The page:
There is a whole series of articles and pages on the subject of OpenAPI on the net. So why should I write another one? Quite simple. Many of these articles are aimed at (experienced) web developers. By comparison what about all those who have so far dealt with EDI or the exchange of electronic business messages? This short introduction is for you.
APIs for the exchange of business documents
An API as a link between two systems or software components is nothing new. But its application for the exchange of business documents is. For this requirement, solutions for the electronic exchange of business data have existed for many decades. Examples are the classic EDI based on EDIFACT or the exchange of XML files. The latter is becoming more widespread, especially in the wake of the mandatory introduction of electronic invoices for public buyers.
But it is precisely here that the problems of previous solutions become apparent. In principle, classic document exchange is nothing else than the digital replica of the paper world. So basically, hardly anything has changed in the last 100 years in terms of the basic principle. Only the transmission medium has changed: from paper to one of many electronic formats. This worked well as long as the documents to be transmitted were only exchanged between two partners. For example, an invoice from the seller to the buyer.
However, due to advancing digitalisation combined with globalisation, requirements are increasing. Often not only two but more partners are interested in information interchange. For example, if goods are to be transported across borders. Then, on top of the classic partners, add the importing and exporting customs authorities, the transport company and possibly other partners. Consequently, this is a very heterogeneous world in terms of technology. And at the same time, the demand for transparency in the supply chain is increasing. And the demand for better detection and prevention of product piracy and counterfeiting.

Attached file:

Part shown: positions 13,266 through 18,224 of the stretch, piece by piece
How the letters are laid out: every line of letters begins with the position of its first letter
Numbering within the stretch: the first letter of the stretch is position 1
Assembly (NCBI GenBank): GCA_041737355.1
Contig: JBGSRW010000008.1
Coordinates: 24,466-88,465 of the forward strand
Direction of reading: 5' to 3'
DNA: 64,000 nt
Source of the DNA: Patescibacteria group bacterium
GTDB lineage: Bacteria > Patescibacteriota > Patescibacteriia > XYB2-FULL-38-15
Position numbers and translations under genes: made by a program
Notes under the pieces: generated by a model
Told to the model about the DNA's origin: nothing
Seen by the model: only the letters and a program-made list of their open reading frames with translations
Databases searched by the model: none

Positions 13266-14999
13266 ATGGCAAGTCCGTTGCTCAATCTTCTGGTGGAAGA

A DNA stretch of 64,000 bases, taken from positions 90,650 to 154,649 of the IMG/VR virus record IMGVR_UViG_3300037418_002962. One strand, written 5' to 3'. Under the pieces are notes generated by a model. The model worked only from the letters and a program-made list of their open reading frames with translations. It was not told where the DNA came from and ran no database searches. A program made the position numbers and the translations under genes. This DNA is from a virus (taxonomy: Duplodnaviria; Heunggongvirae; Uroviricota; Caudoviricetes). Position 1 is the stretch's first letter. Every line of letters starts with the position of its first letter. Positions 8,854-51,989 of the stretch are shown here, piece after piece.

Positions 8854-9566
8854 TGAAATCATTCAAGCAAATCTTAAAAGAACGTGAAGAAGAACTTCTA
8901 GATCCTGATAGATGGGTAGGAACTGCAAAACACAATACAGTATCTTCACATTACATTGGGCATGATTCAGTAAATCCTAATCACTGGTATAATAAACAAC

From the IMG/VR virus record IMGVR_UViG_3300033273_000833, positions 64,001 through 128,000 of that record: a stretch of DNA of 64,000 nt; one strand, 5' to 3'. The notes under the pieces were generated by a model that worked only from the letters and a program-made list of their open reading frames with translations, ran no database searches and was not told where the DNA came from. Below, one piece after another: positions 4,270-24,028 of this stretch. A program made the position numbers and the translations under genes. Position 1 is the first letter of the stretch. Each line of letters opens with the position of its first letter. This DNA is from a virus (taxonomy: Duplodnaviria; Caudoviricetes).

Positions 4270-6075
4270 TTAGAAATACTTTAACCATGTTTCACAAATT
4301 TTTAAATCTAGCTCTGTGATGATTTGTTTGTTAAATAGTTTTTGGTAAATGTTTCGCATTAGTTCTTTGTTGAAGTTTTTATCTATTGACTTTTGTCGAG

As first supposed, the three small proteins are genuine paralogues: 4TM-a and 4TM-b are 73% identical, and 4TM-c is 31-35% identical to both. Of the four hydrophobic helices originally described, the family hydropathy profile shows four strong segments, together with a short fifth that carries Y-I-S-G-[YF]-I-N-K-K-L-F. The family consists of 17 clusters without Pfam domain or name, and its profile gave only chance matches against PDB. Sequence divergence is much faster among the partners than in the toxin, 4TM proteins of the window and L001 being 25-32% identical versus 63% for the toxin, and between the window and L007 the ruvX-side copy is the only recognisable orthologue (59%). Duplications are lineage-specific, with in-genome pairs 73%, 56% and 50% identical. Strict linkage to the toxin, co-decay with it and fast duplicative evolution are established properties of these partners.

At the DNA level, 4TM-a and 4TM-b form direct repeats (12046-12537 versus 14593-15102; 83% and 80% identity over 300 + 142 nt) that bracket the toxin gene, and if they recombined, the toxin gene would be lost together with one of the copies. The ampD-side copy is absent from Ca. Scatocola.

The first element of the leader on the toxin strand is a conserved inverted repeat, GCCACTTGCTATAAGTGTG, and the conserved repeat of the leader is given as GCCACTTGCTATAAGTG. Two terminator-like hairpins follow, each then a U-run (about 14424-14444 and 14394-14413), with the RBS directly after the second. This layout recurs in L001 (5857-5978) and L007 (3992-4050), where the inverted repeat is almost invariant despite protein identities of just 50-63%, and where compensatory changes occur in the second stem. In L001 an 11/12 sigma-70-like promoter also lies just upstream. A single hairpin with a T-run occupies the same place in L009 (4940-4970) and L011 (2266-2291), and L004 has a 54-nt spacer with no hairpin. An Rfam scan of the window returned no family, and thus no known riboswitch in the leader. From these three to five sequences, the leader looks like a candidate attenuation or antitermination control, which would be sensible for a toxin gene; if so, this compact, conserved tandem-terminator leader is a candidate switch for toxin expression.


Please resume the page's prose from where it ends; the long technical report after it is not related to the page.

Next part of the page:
This is hardly feasible with classic EDI
But why is this so difficult to implement with classic EDI? Certainly, the fact that there is not the one and only “EDI” but many differing standards for the exchange of business documents plays an important role. In many cases, industry requirements or the requirements of individual organisations add a burden. This often dilutes a standard to such an extent that there can be many hundreds of variants of a single message. In addition, the fact that the requirements for “business documents” are to be fulfilled is a further complicating factor.
And come to think of it – these requirements come from the paper world. A world where people reconcile the received (paper) document with the books (accounting). These documents also contain a lot of information that could actually be superfluous in an electronic process.
For example, a customs authority does not need to know the complete contractual relationships including delivery terms or agreed conditions. Classically, this in turn creates new documents and new (EDI) messages. Or the persons or systems involved do not (yet) have uniform electronic access to the information. Today, large suppliers and their customers announce deliveries electronically with the despatch advice message. And yet a delivery note or goods accompanying note is also printed out and attached to the consignment.